Her presence on this side of the Atlantic is even more impressive given that she is terrified of flying. “So I sort of dread the tour every single time it comes along,” she admits with a laugh, “but as soon as I get my feet onto terra firma I’m so glad to be here.”

“I love the experience of touring in America, it’s very different to touring anywhere else. The audiences are different, even the practicalities are different, like the big highways and the enormous hotels, everything’s to the max, supersize... The whole experience is just the volume turned up, you know.”

Read more: Success story of a reluctant performer

20 years of cèolas…and many more to come

By Eilidh Whiteford

Twenty years of promoting Gaelic culture and heritage from within the language’s heartland is being celebrated as community-managed project Ceòlas reaches this major milestone.

The brainchild of Hamish Moore, Daliburgh-based Ceòlas began as a week-long summer school in 1996. Mary Schmoller, Ceòlas Operations Manager, said: “Hamish had been to Cape Breton [in eastern Canada] and realised how similar parts of it were still to the culture of the islands.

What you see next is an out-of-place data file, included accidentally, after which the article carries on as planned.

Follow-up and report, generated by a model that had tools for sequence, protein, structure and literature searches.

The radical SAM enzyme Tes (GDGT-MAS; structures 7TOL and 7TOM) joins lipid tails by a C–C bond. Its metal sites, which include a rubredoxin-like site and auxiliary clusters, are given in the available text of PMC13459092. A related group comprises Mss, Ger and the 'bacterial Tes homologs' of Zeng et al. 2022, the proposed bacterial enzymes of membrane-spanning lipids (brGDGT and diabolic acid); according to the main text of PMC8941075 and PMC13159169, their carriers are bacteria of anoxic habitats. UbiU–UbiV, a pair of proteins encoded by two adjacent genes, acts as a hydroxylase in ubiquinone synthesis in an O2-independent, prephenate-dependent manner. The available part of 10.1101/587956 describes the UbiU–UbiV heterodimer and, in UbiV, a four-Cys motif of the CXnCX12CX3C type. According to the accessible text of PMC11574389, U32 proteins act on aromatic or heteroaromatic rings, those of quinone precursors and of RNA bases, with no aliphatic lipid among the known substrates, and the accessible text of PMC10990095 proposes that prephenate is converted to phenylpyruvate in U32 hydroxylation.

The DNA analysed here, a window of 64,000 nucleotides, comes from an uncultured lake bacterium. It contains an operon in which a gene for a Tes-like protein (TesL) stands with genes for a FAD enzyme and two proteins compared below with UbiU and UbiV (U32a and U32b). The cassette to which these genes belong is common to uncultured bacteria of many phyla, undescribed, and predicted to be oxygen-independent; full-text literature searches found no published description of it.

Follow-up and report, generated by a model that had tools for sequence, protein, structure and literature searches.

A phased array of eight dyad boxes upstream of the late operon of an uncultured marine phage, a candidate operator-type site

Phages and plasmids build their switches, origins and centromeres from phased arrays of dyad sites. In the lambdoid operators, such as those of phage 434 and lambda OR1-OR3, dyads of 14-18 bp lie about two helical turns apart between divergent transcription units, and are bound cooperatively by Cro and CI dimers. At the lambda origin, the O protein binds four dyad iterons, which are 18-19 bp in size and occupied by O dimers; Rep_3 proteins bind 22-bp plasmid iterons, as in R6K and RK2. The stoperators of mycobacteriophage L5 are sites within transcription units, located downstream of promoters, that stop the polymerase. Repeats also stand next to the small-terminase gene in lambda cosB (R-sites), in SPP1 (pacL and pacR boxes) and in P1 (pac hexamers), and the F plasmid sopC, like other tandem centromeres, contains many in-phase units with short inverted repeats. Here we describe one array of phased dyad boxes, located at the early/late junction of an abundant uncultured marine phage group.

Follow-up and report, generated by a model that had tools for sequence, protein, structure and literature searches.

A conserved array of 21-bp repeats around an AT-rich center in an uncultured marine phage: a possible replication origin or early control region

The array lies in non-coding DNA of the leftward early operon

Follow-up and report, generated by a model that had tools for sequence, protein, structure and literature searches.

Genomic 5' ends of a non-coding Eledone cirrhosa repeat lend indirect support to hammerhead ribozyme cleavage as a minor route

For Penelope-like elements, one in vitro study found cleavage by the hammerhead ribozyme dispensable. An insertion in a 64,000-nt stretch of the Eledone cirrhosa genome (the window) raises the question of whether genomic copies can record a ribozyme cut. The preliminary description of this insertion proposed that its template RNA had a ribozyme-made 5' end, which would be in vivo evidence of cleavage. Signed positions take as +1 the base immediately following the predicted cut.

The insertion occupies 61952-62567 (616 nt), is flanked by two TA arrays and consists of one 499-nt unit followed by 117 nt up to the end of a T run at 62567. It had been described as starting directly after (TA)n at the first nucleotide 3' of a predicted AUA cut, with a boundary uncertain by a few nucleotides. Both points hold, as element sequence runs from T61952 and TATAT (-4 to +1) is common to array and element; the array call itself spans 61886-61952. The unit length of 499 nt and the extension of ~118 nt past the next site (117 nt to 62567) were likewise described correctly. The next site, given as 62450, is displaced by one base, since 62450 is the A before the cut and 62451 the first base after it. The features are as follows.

“He discussed the idea with PnE [Pròiseact nan Ealan, the former national Gaelic Arts Agency] about where would be most suitable and it transpired that South Uist could be a candidate community.

“The project was first run by PnE with the support of the local Arts Development Officer ‘Ryno’ Morrison and, after observing the programme, several people became involved in a variety of roles over the coming years until it became a community-managed project in 2001.”

She continued: “For many of our directors, Ceòlas has given them the opportunity to contribute to the cultural and social development of the islands.